Two-dimensional full wavefield inversion of wide-aperture marine seismic streamer data

Authors

  • Richard M. Shipp,

    Corresponding author
    1. Bullard Laboratories, Department of Earth Sciences, University of Cambridge, Madingley Road, Cambridge, CB3 0EZ, UK. E-mail:richard.shipp@shell.com
    2. LITHOS, Bullard Laboratories, Cambridge, UK
      *Now at: Shell Expro, 1 Altens Farm Road, Aberdeen, AB12 3FY, UK.
    Search for more papers by this author
  • Satish C. Singh

    Corresponding author
    1. LITHOS, Bullard Laboratories, Cambridge, UK
      †Now at: Laboratoire de Geosciences Marines, IPG Paris, 4 Place Jussieu, 75252 Paris Cedex 05, France.
    Search for more papers by this author

*Now at: Shell Expro, 1 Altens Farm Road, Aberdeen, AB12 3FY, UK.

Now at: Laboratoire de Geosciences Marines, IPG Paris, 4 Place Jussieu, 75252 Paris Cedex 05, France.

Summary

A 2-D full wavefield inversion method is presented for the processing of wide-aperture data. The diversity of information contained within such datasets may be handled in a complete manner by first matching the traveltimes of the main events and then progressing to waveform fitting of the data through explicit full wavefield modelling. Our wavefield inversion scheme is based upon a finite difference solution of the 2-D elastic wave equation in the time distance domain. The strength of adopting such an approach is the ability to generate all possible wave types within a given 2-D model (multiples, converted waves, etc.) and thus to simulate and accurately model complex seismic wavefields. The aim of the inversion is to find the 2-D P-wave velocity model that minimizes the least squared difference between the observed and synthetic data across the full range of offsets. Following extensive testing on synthetic data, the wavefield inversion scheme has been applied to wide-aperture real marine seismic streamer datasets. We present results from the synthetic testing and the wavefield inversion of wide-aperture real data out to 12 km offset that was recorded on a single streamer. Even though current computational restrictions allow only a small subsection of the data to be analysed, these examples demonstrate the potential value of wide-aperture 2-D full wavefield inversion.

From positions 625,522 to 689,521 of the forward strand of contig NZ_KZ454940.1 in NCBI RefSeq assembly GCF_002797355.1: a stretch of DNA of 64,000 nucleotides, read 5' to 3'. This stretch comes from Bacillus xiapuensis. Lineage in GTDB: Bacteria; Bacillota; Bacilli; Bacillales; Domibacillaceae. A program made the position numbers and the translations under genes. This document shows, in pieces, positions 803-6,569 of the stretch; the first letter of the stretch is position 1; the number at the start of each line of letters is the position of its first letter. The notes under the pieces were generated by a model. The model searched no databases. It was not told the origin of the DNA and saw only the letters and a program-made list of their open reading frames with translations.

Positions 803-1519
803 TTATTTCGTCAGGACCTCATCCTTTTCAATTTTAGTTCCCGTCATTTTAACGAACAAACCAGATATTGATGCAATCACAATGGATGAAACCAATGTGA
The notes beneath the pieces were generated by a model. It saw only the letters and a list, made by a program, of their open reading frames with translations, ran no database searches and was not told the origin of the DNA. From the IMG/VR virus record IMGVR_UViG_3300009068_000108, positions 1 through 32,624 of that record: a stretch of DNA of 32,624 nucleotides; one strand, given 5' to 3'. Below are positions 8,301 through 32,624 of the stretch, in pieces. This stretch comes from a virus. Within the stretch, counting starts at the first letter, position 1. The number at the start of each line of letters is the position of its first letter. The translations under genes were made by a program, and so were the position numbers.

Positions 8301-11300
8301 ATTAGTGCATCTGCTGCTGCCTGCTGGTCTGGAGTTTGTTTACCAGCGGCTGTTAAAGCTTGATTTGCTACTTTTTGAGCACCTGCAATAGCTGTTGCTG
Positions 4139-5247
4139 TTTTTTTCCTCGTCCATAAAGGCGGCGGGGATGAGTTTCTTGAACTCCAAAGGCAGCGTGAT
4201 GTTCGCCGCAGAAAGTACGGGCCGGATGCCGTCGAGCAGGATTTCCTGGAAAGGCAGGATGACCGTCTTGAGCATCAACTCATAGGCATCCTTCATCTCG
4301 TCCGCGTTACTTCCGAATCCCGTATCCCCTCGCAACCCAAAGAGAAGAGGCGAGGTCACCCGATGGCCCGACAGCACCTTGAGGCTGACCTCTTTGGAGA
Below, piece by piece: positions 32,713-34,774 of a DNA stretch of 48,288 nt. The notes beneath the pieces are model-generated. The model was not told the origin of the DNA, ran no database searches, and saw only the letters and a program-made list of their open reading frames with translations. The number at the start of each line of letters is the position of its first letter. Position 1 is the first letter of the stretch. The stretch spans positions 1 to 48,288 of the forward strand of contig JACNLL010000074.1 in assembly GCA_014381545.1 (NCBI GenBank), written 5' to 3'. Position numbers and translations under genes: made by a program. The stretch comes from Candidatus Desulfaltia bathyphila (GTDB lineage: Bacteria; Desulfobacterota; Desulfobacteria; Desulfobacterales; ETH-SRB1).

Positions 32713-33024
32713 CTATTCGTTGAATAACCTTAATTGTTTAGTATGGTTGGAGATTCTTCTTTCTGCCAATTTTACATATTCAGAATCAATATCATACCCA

Ancillary